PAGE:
Entrepreneurship: It’s in the teaching
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By Doug Mellinger
Douglas Mellinger is Vice-Chairman and Co-founder of Foundation Source and Trustee at Cogswell College.
Amidst a sea of graduations occurring this month, many graduates who majored in art, science, engineering, and other non-business disciplines are the ones most likely to start their own businesses. The irony is they most likely did not receive formal business training because those courses and experiences were housed in their colleges’ business school and not their own departments. So when they start their own venture they must become a quick study in understanding the elements that make a business successful.
Most entrepreneurs don’t come from the business school world and have had no formal business training. In many cases, learning how to project profit and losses, balancing the books, and creating a business plan are all done through trial and error. This experience could be different if more colleges were focused on providing every student with the basic entrepreneurial skills to start their own business regardless of their major.
A new national poll on entrepreneurship and education cites this disconnect, finding that colleges are not focused enough on teaching the vital entrepreneurial skills American students need to compete globally. The poll also found that colleges should implement more practical programs that enable them to create businesses while still in school.
The poll by Zogby/463 and commissioned by Cogswell College, cites that two out of three Americans say that U.S. schools are not focused enough on providing entrepreneurial skills. The survey of 2,141 Americans comes as millions of students graduate this spring and prepare to enter the workforce. But they enter the workforce at a time of economic uncertainty and increasing global competition.
Americans also say that traditional teaching methods aren’t the way to teach entrepreneurial skills. Overall, 73 percent report the best way to teach a student to become an entrepreneur is to enable them to create businesses or intern in startups. And 76 percent said that students launching a business while still in college will make them more successful in creating jobs and opportunities after graduation.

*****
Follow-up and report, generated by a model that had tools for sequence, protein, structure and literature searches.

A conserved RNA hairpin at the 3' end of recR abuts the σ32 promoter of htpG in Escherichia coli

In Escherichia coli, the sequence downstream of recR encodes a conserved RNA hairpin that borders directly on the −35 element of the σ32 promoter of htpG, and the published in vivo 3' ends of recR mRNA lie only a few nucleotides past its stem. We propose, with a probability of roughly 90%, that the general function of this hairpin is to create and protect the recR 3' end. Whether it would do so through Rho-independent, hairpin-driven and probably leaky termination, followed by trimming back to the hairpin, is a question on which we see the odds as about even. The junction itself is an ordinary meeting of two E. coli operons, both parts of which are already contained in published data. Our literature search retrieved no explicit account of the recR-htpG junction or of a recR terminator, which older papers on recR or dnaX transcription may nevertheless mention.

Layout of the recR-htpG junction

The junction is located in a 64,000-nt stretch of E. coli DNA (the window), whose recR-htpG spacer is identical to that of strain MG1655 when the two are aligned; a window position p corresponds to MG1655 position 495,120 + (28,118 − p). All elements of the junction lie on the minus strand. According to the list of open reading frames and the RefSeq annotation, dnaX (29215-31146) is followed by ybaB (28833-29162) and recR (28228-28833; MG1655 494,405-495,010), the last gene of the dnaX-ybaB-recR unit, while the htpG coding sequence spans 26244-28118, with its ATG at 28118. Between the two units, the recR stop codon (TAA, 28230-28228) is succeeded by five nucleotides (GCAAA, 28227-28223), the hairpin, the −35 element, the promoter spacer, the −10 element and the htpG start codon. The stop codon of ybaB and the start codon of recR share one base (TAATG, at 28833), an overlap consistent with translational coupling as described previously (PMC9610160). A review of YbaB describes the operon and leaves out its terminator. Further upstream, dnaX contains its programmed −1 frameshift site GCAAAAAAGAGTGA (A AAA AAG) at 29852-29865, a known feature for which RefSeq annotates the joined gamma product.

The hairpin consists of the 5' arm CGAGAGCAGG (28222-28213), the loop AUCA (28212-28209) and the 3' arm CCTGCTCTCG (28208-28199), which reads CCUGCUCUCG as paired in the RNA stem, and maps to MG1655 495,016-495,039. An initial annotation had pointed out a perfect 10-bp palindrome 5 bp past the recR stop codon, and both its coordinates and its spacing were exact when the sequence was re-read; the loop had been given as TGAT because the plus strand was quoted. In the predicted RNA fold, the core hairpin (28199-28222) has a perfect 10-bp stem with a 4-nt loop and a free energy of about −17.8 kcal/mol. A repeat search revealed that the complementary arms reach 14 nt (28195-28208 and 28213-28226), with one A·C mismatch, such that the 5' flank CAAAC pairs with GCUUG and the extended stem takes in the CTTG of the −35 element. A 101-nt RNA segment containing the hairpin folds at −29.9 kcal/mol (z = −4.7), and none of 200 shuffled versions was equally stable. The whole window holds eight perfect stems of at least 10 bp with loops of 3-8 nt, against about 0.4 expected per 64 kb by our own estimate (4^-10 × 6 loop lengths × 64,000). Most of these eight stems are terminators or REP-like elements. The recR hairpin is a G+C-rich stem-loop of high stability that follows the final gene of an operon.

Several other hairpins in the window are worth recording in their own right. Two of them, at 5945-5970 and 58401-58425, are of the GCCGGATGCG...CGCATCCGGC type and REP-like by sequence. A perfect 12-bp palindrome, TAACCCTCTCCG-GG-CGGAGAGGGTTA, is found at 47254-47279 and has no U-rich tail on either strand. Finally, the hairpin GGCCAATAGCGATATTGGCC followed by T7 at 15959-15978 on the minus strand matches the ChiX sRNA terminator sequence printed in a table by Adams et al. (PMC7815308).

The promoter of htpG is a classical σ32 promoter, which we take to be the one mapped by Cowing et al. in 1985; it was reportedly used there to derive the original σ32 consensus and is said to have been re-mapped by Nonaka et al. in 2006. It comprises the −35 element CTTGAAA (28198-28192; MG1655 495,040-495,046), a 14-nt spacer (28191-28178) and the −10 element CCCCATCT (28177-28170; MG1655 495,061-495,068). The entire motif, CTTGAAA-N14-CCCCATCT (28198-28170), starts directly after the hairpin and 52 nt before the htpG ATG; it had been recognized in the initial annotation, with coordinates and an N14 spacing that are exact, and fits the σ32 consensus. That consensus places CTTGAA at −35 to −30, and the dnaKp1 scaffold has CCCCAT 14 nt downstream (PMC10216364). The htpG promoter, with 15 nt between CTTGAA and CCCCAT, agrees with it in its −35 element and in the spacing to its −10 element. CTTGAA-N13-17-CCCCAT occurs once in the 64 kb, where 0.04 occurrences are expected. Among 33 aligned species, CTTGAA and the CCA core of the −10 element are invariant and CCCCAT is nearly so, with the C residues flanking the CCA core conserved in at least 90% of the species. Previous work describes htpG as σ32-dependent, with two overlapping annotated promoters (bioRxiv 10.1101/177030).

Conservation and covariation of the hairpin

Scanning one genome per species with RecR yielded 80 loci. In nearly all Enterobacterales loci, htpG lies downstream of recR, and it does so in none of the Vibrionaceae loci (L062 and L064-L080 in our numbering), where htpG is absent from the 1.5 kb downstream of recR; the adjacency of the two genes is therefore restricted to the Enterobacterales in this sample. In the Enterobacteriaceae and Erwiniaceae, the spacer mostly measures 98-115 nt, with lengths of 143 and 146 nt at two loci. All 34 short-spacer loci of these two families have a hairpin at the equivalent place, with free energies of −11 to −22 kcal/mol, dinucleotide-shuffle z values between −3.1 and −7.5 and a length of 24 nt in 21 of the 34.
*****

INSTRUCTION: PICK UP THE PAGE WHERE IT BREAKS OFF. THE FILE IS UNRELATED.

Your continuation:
Other findings from the Zogby/463 survey include:
• Only one in 20 Americans currently think that college is where students become entrepreneurs. That may be due to the current model of providing students with principles of business management rather than hands-on opportunities creating and growing businesses. For example, most Americans (63 percent) think entrepreneurial skills are most learned from work experiences.
• Seventy-nine percent say that having entrepreneurial skills is important for graduates to land a job.
• Among the critical 18-24 age group:
-Sixty-two percent said the most effective way to teach someone to become an entrepreneur was by creating a small business or interning in a start-up. Only 2 percent said it was through class work and lectures.
-Sixty-nine percent said that work experience is where most learn the skills to become an entrepreneur.
-Fifty-seven percent said that launching companies in college would make them more successful in creating companies and jobs after graduation.
-Ninety-three percent said that entrepreneurship is “very important” to the future competitiveness of the American economy.
As evidenced by the polling, students aren’t prepared because they don’t know what a successful company even looks like when they graduate. And since most graduates are completely unprepared to start a business their first venture is more likely to fail because they don’t have the skills they need.
In terms of constructive criticism, the figure that colleges need to pay attention to most is that 62 percent of Americans believe creating a venture while in college is the best way to learn entrepreneurial skills. Attaining the right skills to start a business is possible if schools focus more on providing the basic know-how and hands on experience with creating a business.
Cogswell College is providing such experiences through its entrepreneurship program that builds in unique entrepreneurial residencies. Cogswell’s E-Tours take students through dozens of entrepreneurial companies and conducts exploratory meetings with founding teams. Each student experiences two internships with entrepreneurial companies, consisting of over 150 hours in each of the innovative companies. Students also join entrepreneurial forums to provide the beginning of a lifelong support and peer learning network. And, as a capstone course, students launch their own products, services or ventures as a part of their coursework during their final year of school.
The benefit here is that the program shapes students into entrepreneurs before they graduate, which puts them a step ahead. It also allows them to observe the right and wrong ways to go about starting a business by dealing and participating in real-world issues.
While Cogswell is among the few examples of colleges that offer entrepreneurial programs, there should be many more similar programs. Colleges and universities are always evolving to offer programs for in-demand fields and building entrepreneurial training into those offerings should be essential.
We need to reinvent the way we prepare our students to enter the business world by enabling them to start and run businesses while in school. While some argue that an entrepreneur is born with a specific skill-set, a successful entrepreneur can be made through a structured educational experience that provides the know-how to build the best possible venture.